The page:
The rowan tree (also known as mountain ash) has a truly ancient history in the mythology of mankind. The ancient Greeks have a tale in which Hebe, the goddess of youth, liked to dish out ambrosia to the other gods using her magical chalice. One day, she managed to lose the cup, and it came into the possession of demons. Missing their ambrosia, the gods sent an eagle to get the cup back. The eagle was successful in its mission, but it lost some feathers and a bit of blood along the way. The feathers fell to the ground as rowan trees, and the blood turned into berries. In Scandinavia, the Adam and Eve tale is altered such that women were made out of rowan trees and men from ash. The traditional runes that Nordic folk used to write stuff down were etched into staves of rowan.
In Britain, the rowan was used as a protector from witchcraft and enchantment; and the uncooked berries were used as a laxative. In the Highlands of Scotland, the use of any non-berry part of a rowan (‘chaorunn‘) was extremely taboo unless used as part of a ritual. We are just back from Scotland, and the rowan trees are laden with bright red berries. Unafraid of any witchcraft, but keen to have a tasty condiment to eat with seasonal game, we use this opportunity to make rowan and apple jelly. We are lucky enough to have secured rowan berries and apples from my parents’ garden (their house is called ‘The Rowans’), so we can get the cauldron on and whip up our own witch’s brew.
Rowan and apple jelly
- 2kg rowan berries, washed (no need to remove the stalks)
- 1.5kg apples, chunked (no need to peel or core)
- About 1kg of granulated sugar
Put the rowan berries and apples in a jam pan and just cover with cold water. Simmer the fruit for 30–40 mins until very soft. Note that the berries will lose colour and appear orange. This is normal.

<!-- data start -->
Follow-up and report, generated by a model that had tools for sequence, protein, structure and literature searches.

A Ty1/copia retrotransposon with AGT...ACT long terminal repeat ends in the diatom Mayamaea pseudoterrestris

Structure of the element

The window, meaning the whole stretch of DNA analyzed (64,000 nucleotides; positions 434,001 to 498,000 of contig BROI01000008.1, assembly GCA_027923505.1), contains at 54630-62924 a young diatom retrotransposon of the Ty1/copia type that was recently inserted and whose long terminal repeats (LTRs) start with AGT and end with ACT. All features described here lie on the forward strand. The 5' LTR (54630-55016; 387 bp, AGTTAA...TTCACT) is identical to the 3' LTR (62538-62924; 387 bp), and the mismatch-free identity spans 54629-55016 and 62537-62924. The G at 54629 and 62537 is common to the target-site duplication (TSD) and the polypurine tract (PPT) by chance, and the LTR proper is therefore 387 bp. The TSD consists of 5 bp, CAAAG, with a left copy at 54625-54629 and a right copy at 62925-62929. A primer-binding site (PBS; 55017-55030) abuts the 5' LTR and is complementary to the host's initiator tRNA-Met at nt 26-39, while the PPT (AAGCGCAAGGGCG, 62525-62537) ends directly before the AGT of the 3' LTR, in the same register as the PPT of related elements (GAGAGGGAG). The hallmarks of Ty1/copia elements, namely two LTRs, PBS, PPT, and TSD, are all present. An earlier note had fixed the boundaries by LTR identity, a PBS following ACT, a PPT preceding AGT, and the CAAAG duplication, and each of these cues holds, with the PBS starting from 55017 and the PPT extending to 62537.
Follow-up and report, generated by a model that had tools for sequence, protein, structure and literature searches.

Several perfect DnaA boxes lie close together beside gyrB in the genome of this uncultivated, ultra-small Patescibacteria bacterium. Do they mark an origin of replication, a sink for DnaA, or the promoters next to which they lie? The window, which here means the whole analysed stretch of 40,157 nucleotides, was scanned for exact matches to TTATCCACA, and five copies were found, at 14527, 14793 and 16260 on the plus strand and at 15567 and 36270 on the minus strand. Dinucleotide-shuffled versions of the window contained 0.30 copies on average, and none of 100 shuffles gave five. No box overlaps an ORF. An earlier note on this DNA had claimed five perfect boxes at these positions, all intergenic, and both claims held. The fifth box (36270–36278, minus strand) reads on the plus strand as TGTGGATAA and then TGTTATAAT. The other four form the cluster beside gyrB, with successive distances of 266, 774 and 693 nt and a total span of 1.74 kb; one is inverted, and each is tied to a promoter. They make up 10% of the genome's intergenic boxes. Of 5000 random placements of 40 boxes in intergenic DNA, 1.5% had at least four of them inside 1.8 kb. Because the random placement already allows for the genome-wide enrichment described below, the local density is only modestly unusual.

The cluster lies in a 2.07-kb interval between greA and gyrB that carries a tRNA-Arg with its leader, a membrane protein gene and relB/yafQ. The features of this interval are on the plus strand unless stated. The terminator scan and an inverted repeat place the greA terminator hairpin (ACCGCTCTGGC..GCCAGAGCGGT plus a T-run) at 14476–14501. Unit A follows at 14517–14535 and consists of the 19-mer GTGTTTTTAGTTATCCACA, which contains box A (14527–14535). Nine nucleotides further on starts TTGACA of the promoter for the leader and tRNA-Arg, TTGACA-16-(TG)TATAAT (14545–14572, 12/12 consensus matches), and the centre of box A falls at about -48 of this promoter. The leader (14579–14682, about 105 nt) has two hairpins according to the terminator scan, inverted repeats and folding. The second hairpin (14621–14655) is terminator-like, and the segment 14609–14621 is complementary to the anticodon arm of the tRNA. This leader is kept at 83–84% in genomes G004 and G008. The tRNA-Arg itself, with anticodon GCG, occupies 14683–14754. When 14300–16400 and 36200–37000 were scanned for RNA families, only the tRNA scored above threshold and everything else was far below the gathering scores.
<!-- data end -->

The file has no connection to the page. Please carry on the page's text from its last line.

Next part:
Strain the juice through a jelly bag overnight. Do not squeeze it, or your jelly will go cloudy.
Measure the volume of the juice, and add an equivalent volume of sugar. 2kg of berries ought to yield about 1.1L of juice. If there is a lot more than that, then reduce, skim and adjust the sugar volume accordingly.
Heat the mixture until the sugar is all dissolved.
Heat the mixture to the jam setting point, which is 105˚C. Test the set by placing some of the mixture on a chilled plate and pushing it with a finger to see if it wrinkles. If it does, you are good. If not, boil longer.
Scoop off any scum, and pour the jelly into warm, sterile jars. Seal and store.
Wendy J Barron04/10/2020 at 7:08 pm
Thanks so much for posting this recipe, Nigel. I got lucky and foraged a couple of kilos of berries, so followed your recipe. I had MUCH more liquid left after boiling than you did, apparently; I think I started with more than you had left over. I did as you suggested and boiled it to reduce before adding the sugar, so in the end it made 29 jars of 125 ml. They’re cooling now, and I can’t wait to try the final product!
Nigel Eastmond05/10/2020 at 1:33 pm
It is a great product. It is lovely with seasonal game. Also with lamb. It makes no sense spread on toast though!
Jenny28/08/2022 at 7:17 pm
Thanks. I’ve made loads of jams and jellies and sell it to colleagues for local charity. This year I’m getting more adventurous and looking for free fruit. Just started a batch of this and eager to see the result. In the end I had to top up with 2 shop apples, all the rest foraged. So more money for my fav cause!
Nigel Eastmond28/08/2022 at 7:32 pm
Wow. This is me of our oldest recipes. I hope it goes well and you have enough pectin to get this to set.